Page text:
The grouse were prolific during the hunting season both near North Bay and on Manitoulin.

“While we were deer hunting, we probably saw our limit of grouse every time we went out,” said Mr. St. Onge.

“It’s kind of frustrating because in all honesty, for all the work there is to hang and process the dear, if we’d shot all the grouse we saw we probably would have had the same amount of meat as one deer,” added Ms. Colyer.

While the couple’s online updates have always begun with the number of days that had passed, they have recently switched to a reverse countdown of the number of days remaining.

“It’s going to be a flavour explosion; I’ll have a happy mouth for one day,” said Ms. Colyer of the approaching December 31 conclusion of the challenge.

She described recently cooking moose and deer meat and throwing fiddleheads into the pan, which served as a shock to her eyes.

“We haven’t been having lots of green colour. I was startled by how colourful the pan was; that’s going to be really pleasant. I’m just excited for a few fruits and vegetables,” said Ms. Colyer. “Some people are having a chuckle at our upcoming health issues we might have like weight gain and stomach issues.”

The two will continue with bloodwork and physiology testing for six months after their challenge ends, to get a better sense of the impacts of switching back to a more conventional North American diet.

“Having experienced all of the health benefits over the last year, I’m going to be careful getting back in. There are certain things that won’t do much harm like apples, mangoes and bananas, but I’m sticking away from nightshade (tomatoes and potatoes are members of this family),” said Mr. St. Onge.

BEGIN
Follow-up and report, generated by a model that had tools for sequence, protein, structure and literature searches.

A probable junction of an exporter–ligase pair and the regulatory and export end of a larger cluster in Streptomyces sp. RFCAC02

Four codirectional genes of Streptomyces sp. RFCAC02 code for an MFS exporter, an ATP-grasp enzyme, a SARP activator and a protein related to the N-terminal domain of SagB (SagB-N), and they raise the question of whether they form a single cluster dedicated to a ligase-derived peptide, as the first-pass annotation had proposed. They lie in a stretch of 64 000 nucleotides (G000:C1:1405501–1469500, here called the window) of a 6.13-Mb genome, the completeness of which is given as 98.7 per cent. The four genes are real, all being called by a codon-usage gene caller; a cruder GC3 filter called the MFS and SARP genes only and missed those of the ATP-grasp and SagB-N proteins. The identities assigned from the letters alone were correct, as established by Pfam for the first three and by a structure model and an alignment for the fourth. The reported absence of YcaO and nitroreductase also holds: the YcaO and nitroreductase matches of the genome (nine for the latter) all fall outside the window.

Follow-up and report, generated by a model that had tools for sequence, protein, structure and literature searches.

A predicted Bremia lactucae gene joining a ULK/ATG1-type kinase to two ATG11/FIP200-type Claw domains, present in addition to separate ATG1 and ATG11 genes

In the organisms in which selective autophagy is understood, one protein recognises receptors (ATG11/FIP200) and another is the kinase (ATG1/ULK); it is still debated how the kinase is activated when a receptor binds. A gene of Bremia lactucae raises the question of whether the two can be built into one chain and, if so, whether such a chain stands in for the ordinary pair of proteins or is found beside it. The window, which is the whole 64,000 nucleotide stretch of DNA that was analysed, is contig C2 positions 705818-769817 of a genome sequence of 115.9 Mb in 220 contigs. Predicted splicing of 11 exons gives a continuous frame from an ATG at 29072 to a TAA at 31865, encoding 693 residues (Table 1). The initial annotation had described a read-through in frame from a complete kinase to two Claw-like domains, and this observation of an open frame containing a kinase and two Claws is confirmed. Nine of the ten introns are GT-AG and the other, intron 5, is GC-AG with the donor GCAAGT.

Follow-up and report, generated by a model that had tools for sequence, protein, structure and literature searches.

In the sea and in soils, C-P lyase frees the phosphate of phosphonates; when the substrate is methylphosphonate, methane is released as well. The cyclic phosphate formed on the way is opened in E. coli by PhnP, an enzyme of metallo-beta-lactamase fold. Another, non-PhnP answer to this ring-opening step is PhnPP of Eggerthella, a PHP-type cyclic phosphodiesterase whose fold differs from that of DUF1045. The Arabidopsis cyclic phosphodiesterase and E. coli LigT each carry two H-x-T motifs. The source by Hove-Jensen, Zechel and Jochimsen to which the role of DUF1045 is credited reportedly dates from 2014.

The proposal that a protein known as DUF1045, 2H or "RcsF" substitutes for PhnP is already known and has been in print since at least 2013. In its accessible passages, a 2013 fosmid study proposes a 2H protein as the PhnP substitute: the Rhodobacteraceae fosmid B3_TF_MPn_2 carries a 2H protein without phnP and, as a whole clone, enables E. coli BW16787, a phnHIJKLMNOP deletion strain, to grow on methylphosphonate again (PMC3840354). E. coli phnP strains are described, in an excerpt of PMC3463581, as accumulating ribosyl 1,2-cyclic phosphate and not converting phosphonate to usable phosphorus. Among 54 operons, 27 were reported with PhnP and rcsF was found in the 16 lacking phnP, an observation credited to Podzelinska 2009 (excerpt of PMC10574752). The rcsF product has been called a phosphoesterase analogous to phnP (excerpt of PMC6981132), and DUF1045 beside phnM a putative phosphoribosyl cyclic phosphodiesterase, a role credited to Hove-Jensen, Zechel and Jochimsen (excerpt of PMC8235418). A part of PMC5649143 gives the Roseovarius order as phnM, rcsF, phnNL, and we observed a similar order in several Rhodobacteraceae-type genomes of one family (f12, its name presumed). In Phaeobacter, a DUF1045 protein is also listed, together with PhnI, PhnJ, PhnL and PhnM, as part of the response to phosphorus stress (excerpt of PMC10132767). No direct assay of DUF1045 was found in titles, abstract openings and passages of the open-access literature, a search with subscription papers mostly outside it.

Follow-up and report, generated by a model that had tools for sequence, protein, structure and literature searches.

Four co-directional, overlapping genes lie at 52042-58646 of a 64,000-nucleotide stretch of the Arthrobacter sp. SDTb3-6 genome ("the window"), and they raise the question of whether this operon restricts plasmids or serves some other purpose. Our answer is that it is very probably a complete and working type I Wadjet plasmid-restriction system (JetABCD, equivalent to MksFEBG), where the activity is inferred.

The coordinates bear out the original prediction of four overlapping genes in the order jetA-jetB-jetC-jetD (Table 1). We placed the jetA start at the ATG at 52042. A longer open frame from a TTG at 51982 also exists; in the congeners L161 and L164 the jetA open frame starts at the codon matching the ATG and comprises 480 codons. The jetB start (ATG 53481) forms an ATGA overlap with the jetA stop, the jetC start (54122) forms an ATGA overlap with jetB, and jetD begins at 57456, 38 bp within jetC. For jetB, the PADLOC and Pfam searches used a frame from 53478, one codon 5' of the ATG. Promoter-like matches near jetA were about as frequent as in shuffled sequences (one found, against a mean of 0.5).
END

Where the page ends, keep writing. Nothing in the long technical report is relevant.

He will undergo food allergy testing by May and said he will stick more closely to the current diet until then to ensure accurate results.

“I, on the other hand, am going to go nuts and taste a little bit of everything,” said Ms. Colyer with a laugh, adding that she has lost most of her cravings for sweets like chocolate. 

“But I would really like to have the boring things. I want lots and lots of salad, and other grainy things, too, like quinoa, barley and oatmeal,” she said.

“Oats is on my list for sure. Experiencing how few grains you have on a wild diet, I’ll probably try to avoid them when I can,” added Mr. St. Onge, before Ms. Colyer excitedly bursted in with “cornbread!!”

Snacking has been on their minds of late; Ms. Colyer recently made apple leather and pear leather, with the wild pears being gifted by her sister from a community harvest in Wiikwemkoong. She also made a surprise batch of sunchoke chips for a road trip to Manitoulin Island.

Although they are excited to switch back to a conventional diet, their foraging mindset might not give up as easily.

“I recently picked up my kid at school and when we were driving, I said ‘look out the window, are the seeds ready on that lamb’s quarter?’ I don’t know why I did, because we can coast now this year. It’s funny that I’m still looking; I can see that it’s just going to be a part of my life because we’ve been doing it for so many seasons,” said Ms. Colyer. “My brain is now programmed to just keep looking for food.”

To follow Ms. Colyer and Mr. St Onge’s Big Wild Year, you can view their updates at Facebook.com/BigWildYear. The Expositor will be checking back with the two throughout the year to share their experiences in this unique endeavour.